Skip to main content.

Baltimore

Picture of Kellie  Schmitt
Only about 6 percent of medical practitioners have obtained a government waiver that allows them to prescribe a crucial drug for treating opioid addiction. Here's why that's a problem.
Picture of Andrea  McDaniels

In Baltimore, violence has marred countless lives. But Baltimore Sun reporter Andrea McDaniels wanted to explore the deeper, long-lasting effects of violence. Her extended reporting crystalized in an award-winning three-part series. Here she shares the challenges she faced and lessons learned.

Picture of Ryan White

“Health care is what happens when things go wrong,” Dr. Anthony Iton says. “Health care doesn’t actually make you healthy — it prevents you from deteriorating rapidly.” The broader forces that really shape health, he argues, are what journalists and policymakers should really be focusing on.

Picture of Andrea  McDaniels

Baltimore is no stranger to violence, but in recent weeks it hit proportions that stunned even a city often numb to regular shootings and stabbings. Violence puts pressure on hospital emergency rooms and paramedics. Many victims don’t die and will stress the entire health system for years to come.

Picture of Mikaela Conley

“HIV is the face of the forgotten people in this country,” Dr. Carlos Del Rio, an Atlanta-based AIDS expert, told me last February. Nevertheless, there continue to be "hot spots” where the disease thrives. Those areas are some of the most impoverished parts of major cities in the U.S.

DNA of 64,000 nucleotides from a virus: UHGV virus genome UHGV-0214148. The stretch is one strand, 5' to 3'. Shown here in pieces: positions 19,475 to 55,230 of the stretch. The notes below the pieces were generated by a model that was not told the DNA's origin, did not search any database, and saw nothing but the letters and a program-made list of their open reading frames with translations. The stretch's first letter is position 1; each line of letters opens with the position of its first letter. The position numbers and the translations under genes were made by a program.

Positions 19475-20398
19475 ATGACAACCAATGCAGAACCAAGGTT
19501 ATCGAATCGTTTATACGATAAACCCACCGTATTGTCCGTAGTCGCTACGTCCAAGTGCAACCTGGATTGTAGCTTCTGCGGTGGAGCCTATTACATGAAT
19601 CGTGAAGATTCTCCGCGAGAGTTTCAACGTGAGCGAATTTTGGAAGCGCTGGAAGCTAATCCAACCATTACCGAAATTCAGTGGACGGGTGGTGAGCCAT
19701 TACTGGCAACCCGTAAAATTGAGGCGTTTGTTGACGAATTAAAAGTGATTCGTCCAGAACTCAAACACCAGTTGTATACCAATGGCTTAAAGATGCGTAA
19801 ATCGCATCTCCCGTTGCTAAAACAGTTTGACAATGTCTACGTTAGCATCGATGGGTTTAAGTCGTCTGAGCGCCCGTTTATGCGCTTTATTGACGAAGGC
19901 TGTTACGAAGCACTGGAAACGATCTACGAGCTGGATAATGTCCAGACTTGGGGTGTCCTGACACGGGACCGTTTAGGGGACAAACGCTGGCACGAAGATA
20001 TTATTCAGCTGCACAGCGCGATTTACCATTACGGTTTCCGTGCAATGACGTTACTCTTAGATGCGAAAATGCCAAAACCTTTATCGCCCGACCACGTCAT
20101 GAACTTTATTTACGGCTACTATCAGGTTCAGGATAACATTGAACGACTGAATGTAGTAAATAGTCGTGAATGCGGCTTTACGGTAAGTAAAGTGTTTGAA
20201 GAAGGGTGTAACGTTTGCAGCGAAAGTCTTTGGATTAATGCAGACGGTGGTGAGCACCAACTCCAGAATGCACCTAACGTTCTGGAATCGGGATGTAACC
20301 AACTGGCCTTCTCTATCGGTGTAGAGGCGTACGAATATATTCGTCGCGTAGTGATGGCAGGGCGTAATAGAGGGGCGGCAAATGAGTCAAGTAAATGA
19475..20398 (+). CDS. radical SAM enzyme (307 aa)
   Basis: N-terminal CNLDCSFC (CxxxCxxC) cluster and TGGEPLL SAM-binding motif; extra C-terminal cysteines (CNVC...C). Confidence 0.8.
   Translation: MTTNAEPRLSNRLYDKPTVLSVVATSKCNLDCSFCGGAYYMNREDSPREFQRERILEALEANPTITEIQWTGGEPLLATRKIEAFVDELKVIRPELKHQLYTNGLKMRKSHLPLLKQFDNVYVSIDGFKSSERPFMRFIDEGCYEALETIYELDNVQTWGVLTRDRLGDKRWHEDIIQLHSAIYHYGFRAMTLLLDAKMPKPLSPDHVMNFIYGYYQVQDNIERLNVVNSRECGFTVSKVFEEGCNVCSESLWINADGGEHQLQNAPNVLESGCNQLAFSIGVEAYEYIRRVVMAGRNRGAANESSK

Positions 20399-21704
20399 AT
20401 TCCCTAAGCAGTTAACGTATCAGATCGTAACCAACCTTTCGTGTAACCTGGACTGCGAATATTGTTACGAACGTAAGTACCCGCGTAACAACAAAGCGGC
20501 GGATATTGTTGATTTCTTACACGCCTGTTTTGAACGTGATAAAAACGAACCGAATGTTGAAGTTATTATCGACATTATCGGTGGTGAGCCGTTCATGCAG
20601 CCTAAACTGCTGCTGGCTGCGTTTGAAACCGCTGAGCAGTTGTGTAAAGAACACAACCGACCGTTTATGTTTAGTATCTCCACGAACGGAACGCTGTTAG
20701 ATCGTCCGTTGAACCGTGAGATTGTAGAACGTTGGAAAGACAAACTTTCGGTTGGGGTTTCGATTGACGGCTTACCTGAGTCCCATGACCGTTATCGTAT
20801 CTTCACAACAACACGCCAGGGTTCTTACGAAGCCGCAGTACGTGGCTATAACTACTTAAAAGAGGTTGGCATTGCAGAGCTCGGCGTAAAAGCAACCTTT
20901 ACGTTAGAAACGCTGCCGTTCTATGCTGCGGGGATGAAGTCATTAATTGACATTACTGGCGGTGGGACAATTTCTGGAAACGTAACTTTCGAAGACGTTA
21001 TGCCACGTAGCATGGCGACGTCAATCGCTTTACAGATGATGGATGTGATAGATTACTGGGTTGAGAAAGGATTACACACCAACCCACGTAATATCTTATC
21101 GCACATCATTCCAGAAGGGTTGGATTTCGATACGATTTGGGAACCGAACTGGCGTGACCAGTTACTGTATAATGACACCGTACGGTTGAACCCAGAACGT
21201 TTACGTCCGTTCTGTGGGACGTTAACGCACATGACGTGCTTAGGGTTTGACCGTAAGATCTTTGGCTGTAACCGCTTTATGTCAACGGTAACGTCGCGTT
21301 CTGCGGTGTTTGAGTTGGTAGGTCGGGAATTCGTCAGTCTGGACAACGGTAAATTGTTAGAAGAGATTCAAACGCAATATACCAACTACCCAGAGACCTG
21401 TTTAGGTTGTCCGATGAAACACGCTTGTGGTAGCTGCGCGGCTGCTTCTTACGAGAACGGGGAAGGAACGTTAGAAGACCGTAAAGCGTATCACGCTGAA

Picture of Christina Hernandez

Violence-prevention program, Camden GPS Program, helps the city's assault victims.

Picture of Vicky Hallett

None of her yoga-teacher training quite prepared Sariane Leigh for leading her first classes in Washington east of the Anacostia River five years ago.

Picture of Scott Goldberg

Diabetes among African-American adults has reached epidemic proportions. Healthy Bodies, Healthy Souls -- an innovative public health program in Baltimore -- is going after the problem by connecting with people where they pray.

Picture of Gergana Koleva

Sodas, sports drinks, and other sugar-sweetened beverages appear less tempting to consumers when labels show caloric information in terms of minutes of jogging rather than as absolute calorie counts, new research from two leading public health universities suggests.

Picture of Sarah Kliff

If communities build access to healthy foods, will residents come? The evidence is mixed.

Pages

Announcements

The USC Center for Health Journalism's Impact Funds provide reporting support — funding and mentoring — to journalists who think big and want to make a difference. 

Apply today for our National Impact Fund for reporting on health equity and health systems across the country. 

Apply today for our California Impact Fund for reporting that brings untold stories to light in the Golden State. 

CONNECT WITH THE COMMUNITY

Follow Us

Facebook


Twitter

CHJ Icon
ReportingHealth